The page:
For Finnish businesses, Xi’s visit is highly anticipated, even though he is not travelling with a large business delegation, due to the short stay. The interest among Chinese companies to invest in Finland has risen remarkably over the last year or two, and Xi’s visit may be expected to give a boost to the preparation of some projects currently under consideration. China’s business interests in Finland include, in particular, environmental technologies, biofuel, nanotechnology, and Arctic know-how. Due to the upcoming Winter Olympics, China is also interested in Finnish expertise in winter sports.

One noteworthy aspect of Sino-Finnish relations is the judicial cooperation that already has a decades-long history. In practice, this has taken the form of the training, for example, of Chinese judges, attorneys, prosecutors, and prison administrators. When it comes to EU member states, Finland may not be among the most vocal critics of China’s human rights situation, at least in public. Instead, it is said that Finland focuses on working behind the scenes, particularly through the judicial cooperation. During Xi’s era, the room for manoeuvre within China’s civil society has shrunk drastically. The arbitrary detention of lawyers who have defended civil society activists has prompted grave concern among China watchers. Seven EU member states’ embassies in Beijing, including those of Sweden and Estonia, have jointly called on China to end the harassment of lawyers. As a consequence, Finnish state leaders face strong pressures to take up human rights issues with China in stronger tones than previously. They are, nevertheless, unlikely to do so during Xi’s visit, as the goal is probably to make the visit as solemn and ceremonial as possible, as befits the centenary year celebrations.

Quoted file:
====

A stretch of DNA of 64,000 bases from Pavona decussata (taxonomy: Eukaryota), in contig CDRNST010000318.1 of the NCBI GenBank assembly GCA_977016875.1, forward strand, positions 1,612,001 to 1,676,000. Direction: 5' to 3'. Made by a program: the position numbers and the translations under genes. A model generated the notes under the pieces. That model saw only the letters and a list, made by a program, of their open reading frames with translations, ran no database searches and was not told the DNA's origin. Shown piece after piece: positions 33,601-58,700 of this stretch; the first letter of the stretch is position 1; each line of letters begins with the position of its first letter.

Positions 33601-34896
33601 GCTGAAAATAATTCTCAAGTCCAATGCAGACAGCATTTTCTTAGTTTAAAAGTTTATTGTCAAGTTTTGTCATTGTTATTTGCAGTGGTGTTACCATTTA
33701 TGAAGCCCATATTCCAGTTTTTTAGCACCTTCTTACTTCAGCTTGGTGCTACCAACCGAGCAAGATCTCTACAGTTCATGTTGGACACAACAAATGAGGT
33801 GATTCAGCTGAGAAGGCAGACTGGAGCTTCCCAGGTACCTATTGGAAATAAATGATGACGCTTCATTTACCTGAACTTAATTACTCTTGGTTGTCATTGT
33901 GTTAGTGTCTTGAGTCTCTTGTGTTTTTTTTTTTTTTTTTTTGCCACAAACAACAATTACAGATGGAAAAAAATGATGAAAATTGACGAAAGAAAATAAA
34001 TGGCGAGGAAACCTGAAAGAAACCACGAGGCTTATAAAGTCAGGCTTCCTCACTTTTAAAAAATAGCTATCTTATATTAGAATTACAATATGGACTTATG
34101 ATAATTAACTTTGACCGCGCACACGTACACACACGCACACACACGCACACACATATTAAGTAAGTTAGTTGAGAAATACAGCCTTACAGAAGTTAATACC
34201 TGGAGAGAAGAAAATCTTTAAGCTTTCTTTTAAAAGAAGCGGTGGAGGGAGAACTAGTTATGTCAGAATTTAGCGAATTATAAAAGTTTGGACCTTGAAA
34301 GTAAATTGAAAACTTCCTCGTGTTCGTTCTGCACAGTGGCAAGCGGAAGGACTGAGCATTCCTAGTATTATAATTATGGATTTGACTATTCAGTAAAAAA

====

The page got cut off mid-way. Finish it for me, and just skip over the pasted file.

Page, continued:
What signal is China sending by virtue of choosing Finland as the stop-over destination for Xi on his way to the USA? For Xi, Finland provides a soft landing to the States. After all, Finland is a Western country that has amicable relations with both China and the US. There is probably no particular symbolism attached to the visit, although some observers may be reminded of the Cold War era between the USA and the Soviet Union. While Sino-US relations are currently not the most amicable due to Trump’s rhetoric during his campaign, it is unlikely that Xi chose to visit Finland in the hope of benefitting from the “Helsinki Spirit”. Finland hardly has a role to play as an intermediary in the disputes between China and the US. Xi’s visit can more plausibly be explained by a general willingness to pay a visit to a country which holds less than a central position in China’s foreign policy priorities as long as the set-up offers enough pomp. For Finland, Xi’s visit nevertheless has great significance, and Xi is without doubt among the most prominent visitors during the centennial year.